The Claremont Review of Books is of course the flagship publication of the Claremont Institute. I find in every issue an education in the true understanding of politics, public policy, and statesmanship. It is my favorite magazine. Purchase an annual subscription here for $19.95 and get immediate online access to the whole thing.
The Summer 2019 issue of the CRB has just been placed in the mail. The editors have given me a free run through the galley proof to let me select essays and reviews with which to preview the issue for Power Line readers. I have selected three of the issue’s essays and reviews to bring to your attention this week.
Both Paul Mirengoff (here) and I (here) have commented on Tom Cotton’s Sacred Duty: A Soldier’s Tour at Arlington, published this past May. The Wall Street Journal called on Allen Guelzo for his assessment of the book. Combining history and memoir, it is an incredibly rich and rewarding book.
The CRB has turned to Victor Davis Hanson to review the book. Harking back to E.B. Sledge’s classic memoir, the review appears under the headline “With the Old Breed.” I will only say that it represents a perfect match of book with reviewer.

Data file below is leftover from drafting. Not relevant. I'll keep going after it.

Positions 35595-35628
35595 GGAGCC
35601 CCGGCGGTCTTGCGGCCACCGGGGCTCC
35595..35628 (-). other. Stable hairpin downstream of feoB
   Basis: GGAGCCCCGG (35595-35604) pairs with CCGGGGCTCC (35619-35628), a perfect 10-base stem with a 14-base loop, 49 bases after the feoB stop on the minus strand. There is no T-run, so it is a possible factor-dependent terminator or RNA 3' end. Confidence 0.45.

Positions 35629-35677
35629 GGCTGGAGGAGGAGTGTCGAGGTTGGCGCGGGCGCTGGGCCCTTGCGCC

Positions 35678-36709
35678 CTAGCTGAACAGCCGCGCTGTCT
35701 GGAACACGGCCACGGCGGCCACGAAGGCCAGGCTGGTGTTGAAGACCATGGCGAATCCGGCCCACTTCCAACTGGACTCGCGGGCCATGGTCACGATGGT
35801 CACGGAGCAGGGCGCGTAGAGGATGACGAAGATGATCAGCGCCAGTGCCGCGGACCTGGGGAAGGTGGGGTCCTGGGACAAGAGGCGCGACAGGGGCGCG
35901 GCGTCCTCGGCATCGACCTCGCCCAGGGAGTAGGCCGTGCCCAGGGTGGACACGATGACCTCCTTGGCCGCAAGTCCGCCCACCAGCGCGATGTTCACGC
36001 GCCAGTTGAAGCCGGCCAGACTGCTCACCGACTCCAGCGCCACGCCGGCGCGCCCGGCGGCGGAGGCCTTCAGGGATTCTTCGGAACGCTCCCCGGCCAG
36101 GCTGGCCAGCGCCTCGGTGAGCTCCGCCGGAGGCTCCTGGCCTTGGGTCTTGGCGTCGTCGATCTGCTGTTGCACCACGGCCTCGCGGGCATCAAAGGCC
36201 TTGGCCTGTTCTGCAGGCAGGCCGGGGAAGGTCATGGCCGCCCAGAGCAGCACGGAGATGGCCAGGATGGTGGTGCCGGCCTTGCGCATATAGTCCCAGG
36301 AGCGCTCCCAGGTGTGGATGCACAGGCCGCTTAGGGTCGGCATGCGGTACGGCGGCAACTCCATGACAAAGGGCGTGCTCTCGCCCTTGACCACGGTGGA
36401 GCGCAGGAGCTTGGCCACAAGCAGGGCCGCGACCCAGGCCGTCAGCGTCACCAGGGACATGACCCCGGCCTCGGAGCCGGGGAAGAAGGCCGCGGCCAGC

On a personal note, I want to add that VDH alludes to then Lieutenant Cotton’s 2006 open letter the New York Times that first saw the light of day on Power Line (Cotton had emailed us a copy of the letter):
Representative and now Senator Cotton experienced the loss of fellow soldiers firsthand, in combat and then as an Old Guard captain overseeing military funerals at Arlington. These experiences explain the book’s third and subtlest theme. Cotton has been a life-long (he is 42 years old) conservative critic of American progressivism and the current postmodern trajectory of American popular culture. As an undergraduate he once worried about the cultural influence of the early internet. Later, as a soldier in 2006 Iraq, he wrote a widely circulated but unpublished letter to the New York Times, advocating the jailing of journalists who had leaked critical classified information on anti-terrorist efforts—information that he felt endangered troops in the field. After military service, he returned to farming his family’s ranch until at 35 he won a seat in his conservative Arkansas congressional district.
Cotton, then, naturally worries if these ancient rituals can survive in a politically correct, globalized America. Will The Old Guard be reduced to an esoteric ancient cult, largely unknown to the vast nation it serves and, when known, treated as a museum exhibit?
The letter still makes for good reading. I quoted it in its entirety and told the rest of the story in “Nine years later, Tom Cotton’s letter to the Times.”